One question I will address up front is the potential cost associated with early voting. The answer is there may be an additional cost, although there is likely a corresponding decrease in the cost of Election Day itself. We can also manage any cost by limiting the number of early voting locations to highly accessible sites that are open anyway, like libraries or town halls, and see some balance overall, as other states have done. 

This proposal would also limit early voting days to between three and five days within two weeks of Election Day, to be determined by the legislature after the amendment passes. Perhaps the Friday, Saturday, and Sunday before Election Day would make sense to ensure that voters have choices that won’t conflict with religious observances.

Early voting will help people exercise their most fundamental right; in my view that is money well spent.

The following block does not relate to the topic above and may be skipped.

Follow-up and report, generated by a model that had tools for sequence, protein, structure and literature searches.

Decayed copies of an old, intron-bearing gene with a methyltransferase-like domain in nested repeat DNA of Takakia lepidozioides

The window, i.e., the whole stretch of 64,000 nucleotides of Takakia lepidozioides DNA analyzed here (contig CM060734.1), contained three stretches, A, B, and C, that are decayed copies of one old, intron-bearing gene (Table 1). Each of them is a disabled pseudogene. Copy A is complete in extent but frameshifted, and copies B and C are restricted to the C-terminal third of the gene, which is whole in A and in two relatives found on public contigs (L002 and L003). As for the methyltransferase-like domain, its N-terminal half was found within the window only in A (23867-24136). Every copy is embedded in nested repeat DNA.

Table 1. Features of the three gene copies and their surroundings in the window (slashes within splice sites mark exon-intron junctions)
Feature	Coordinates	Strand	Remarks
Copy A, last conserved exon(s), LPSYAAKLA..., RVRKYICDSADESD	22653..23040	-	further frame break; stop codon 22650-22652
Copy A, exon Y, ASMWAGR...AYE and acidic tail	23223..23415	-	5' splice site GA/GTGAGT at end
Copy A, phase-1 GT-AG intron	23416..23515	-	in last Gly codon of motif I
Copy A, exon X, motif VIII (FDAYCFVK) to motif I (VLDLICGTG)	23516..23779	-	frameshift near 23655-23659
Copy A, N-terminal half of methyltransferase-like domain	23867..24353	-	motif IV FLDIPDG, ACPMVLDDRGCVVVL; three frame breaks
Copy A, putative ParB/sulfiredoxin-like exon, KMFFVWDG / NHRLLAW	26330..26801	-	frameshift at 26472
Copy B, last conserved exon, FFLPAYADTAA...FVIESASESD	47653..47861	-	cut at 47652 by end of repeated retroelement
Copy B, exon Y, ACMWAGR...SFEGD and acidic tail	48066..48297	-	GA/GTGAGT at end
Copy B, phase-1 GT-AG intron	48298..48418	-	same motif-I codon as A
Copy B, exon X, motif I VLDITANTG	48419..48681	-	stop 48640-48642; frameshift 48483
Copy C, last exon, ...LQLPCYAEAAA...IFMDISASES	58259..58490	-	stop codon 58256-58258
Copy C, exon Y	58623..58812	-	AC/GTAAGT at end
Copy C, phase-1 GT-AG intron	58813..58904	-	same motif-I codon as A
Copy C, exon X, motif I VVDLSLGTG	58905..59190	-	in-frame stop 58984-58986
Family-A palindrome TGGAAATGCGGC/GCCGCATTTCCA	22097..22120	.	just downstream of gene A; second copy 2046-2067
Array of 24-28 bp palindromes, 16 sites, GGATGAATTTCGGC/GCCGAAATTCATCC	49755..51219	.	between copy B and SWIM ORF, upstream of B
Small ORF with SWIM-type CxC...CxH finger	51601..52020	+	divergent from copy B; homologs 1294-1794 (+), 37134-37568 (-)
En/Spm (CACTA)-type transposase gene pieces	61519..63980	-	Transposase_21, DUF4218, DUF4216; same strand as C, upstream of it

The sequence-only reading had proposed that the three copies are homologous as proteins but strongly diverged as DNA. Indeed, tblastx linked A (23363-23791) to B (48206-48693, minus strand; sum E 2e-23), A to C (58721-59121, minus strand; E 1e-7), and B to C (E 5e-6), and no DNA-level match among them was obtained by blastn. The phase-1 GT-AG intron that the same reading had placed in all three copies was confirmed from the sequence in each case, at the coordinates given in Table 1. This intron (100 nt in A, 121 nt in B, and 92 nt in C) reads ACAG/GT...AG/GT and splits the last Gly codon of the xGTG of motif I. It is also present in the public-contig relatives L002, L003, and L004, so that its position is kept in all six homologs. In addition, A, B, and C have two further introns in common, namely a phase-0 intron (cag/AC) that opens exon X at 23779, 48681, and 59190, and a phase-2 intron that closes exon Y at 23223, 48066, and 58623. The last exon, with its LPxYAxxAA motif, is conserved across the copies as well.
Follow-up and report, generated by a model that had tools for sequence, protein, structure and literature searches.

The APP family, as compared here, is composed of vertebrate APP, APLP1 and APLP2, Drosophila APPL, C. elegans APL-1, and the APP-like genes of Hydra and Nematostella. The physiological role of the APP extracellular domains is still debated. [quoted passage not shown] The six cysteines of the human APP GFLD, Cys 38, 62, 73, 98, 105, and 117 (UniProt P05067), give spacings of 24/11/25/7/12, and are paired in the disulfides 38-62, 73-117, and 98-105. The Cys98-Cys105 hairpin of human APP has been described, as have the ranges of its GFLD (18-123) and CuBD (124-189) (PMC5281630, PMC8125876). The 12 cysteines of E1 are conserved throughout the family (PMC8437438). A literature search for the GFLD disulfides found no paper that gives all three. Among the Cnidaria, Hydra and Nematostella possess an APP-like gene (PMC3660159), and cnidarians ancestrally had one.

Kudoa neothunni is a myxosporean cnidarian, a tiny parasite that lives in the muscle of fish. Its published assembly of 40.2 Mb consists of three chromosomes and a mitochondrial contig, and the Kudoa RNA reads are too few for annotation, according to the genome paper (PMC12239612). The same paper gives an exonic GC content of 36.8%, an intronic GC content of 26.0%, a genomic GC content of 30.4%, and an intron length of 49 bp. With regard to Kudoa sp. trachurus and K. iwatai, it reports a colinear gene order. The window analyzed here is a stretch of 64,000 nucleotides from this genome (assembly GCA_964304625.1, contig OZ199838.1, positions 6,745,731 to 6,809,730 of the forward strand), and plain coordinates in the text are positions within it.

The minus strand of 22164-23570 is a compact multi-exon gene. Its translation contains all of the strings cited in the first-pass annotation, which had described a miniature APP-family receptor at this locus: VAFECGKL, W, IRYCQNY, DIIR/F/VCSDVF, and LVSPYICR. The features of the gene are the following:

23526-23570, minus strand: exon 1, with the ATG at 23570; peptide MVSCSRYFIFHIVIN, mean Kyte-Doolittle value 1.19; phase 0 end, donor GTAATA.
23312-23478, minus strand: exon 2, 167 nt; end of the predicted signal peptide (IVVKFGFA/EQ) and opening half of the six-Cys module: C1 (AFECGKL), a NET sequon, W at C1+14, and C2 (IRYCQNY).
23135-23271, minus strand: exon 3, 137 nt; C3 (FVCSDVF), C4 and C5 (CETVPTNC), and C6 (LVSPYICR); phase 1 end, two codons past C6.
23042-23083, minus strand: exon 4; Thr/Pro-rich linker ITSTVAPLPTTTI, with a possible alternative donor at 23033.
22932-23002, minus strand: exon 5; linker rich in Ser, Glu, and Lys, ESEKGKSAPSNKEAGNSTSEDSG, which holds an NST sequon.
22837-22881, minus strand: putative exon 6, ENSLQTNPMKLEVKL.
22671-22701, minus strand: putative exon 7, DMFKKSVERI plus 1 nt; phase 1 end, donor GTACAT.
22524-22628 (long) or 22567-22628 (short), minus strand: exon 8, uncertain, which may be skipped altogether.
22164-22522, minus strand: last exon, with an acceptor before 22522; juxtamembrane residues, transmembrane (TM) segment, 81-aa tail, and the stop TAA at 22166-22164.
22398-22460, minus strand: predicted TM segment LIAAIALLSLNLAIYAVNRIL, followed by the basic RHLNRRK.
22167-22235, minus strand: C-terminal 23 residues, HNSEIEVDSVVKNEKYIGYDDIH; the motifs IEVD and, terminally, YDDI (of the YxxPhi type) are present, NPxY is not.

Continuing in the same vein, another reform that would expand the franchise would be to allow people to vote once they are no longer incarcerated.

Currently, Connecticut law allows people on probation to once again exercise their right to vote, but not people on parole. This bill would simply allow people on parole to also exercise their right to vote, joining the 16 states and the District of Columbia who already allow people to vote while they are on parole, including all of our fellow New England states.

The real problem we often face when we try to get every eligible voter to register and every registered voter to vote, is in getting people to know at what point in the process of leaving the criminal justice system they get their right to vote back. In addition to continuing our proud Connecticut tradition of expanding the right to vote, this bill would remove the confusion over parole versus probation and simplify the restoration of voting rights to the physical release from prison.

I support this bill.